I’m not up to date on all the various images of Shakespeare out there. But apparently this “Grafton” one has been deemed a fake. Or, rather, not really a fake in the sense that it was ever passed off as Shakespeare, but rather that people incorrectly assumed it was him. One of the arguments is that for the time of his life that this would have been painted in, Shakespeare was almost certainly too poor to afford that sort of costume.

These are the same people who also found that the “Flower portrait” was a fake from the 19th century.

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Podcasting News: No Time to Read Hamlet? Put a Study Guide on Your iPod!

Podcasting News: No Time to Read Hamlet? Put a Study Guide on Your iPod!
I am NOT a fan of just giving kids the Cliff’s Notes (or Spark Notes, or whatever) for Shakespeare. I would much prefer to see Shakespeare on the iPod be people performing it (as the ShakespeareCast does), or at least discussing it and trying to put a more fun, personal spin on it. Moving the SparkNotes to an audio form will hopefully get the kids into it more as they actually get to hear portions of the play performed. But I wonder if their ears will glaze over the same way their eyes do when they get bored, and they’ll just try to mindlessly copy down what they hear?

I’ve been keeping an eye out for a Shakespeare for a long time, and now ShakespeareCast has come along. Very cool. It appears to be a high school theatre group who is actually going to podcast their own presentation of the plays, starting with Romeo and Juliet. Right now it is just filler, with the kids reading the sonnets.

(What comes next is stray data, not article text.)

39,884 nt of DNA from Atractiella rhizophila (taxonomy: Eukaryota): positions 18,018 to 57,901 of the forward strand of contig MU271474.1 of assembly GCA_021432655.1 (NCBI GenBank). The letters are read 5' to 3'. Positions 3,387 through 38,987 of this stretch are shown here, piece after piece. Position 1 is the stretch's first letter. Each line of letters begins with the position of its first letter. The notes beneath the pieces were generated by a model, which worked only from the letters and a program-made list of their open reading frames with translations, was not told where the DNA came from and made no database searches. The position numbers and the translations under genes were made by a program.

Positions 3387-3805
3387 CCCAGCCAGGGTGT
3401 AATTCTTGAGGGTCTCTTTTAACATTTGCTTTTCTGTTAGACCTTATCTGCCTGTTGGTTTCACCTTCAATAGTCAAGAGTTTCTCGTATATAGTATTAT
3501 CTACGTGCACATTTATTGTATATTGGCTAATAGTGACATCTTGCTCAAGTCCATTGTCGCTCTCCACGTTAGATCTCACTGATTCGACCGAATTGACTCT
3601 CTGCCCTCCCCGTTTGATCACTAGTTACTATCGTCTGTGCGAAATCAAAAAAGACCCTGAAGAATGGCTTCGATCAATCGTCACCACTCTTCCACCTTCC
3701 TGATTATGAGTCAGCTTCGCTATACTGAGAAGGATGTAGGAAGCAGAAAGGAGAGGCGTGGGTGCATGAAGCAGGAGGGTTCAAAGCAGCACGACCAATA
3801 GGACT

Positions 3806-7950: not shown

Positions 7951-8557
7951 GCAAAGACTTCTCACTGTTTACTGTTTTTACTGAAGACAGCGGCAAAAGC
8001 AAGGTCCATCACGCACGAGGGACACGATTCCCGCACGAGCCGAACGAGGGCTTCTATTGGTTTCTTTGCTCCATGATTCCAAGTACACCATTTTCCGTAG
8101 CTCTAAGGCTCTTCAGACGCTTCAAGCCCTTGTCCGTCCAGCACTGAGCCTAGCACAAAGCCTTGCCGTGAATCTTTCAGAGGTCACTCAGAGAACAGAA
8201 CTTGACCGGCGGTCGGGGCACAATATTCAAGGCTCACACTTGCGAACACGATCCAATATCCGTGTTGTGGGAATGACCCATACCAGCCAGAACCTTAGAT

Even still, the very existence of the podcast is a good thing, and you should subscribe. It’s nice to hear the sonnets read aloud. I hope for good things from them.

Iago reborn on Reality Television?

Reality TV Magazine: Jim Bozzini Leads On The Apprentice Martha Stewart
This is a silly thing to link to but it’s funny because when I’m not posting about Shakespeare on this blog I’m posting about reality TV on my other blog. In particular this story is about Jim, the evil/crazy one on Martha Stewart’s Apprentice. The producer likens him to Iago, saying Jim “seems nutty enough not to be a threat in the short term, but in the long term his calculated razor sharp mind intimidates the competition.”

I don’t particularly like Jim, as I’ve mentioned on the other blog, and want him voted off. But comparing him to possibly Shakespeare’s greatest villain is a bit much.

Royal Shakespeare Company on CD

BBC NEWS | Entertainment | Arts | Dame Judi part of Shakespeare CD
No word on how much it costs or where to get it. These are recordings of live performances. Plays include King Lear, Richard II, War of the Roses (what?), Coriolanus (featuring Olivier) and All’s Well That Ends Well with Dame Judi Dench.

Ah, found it : Royal Shakespeare Company homepage. I can’t link directly to it because it’s in the shopping section and you get a session parameter. But look for “Essential Shakespeare” in the audio CD section. 15.95pounds. I don’t know how much that is in US.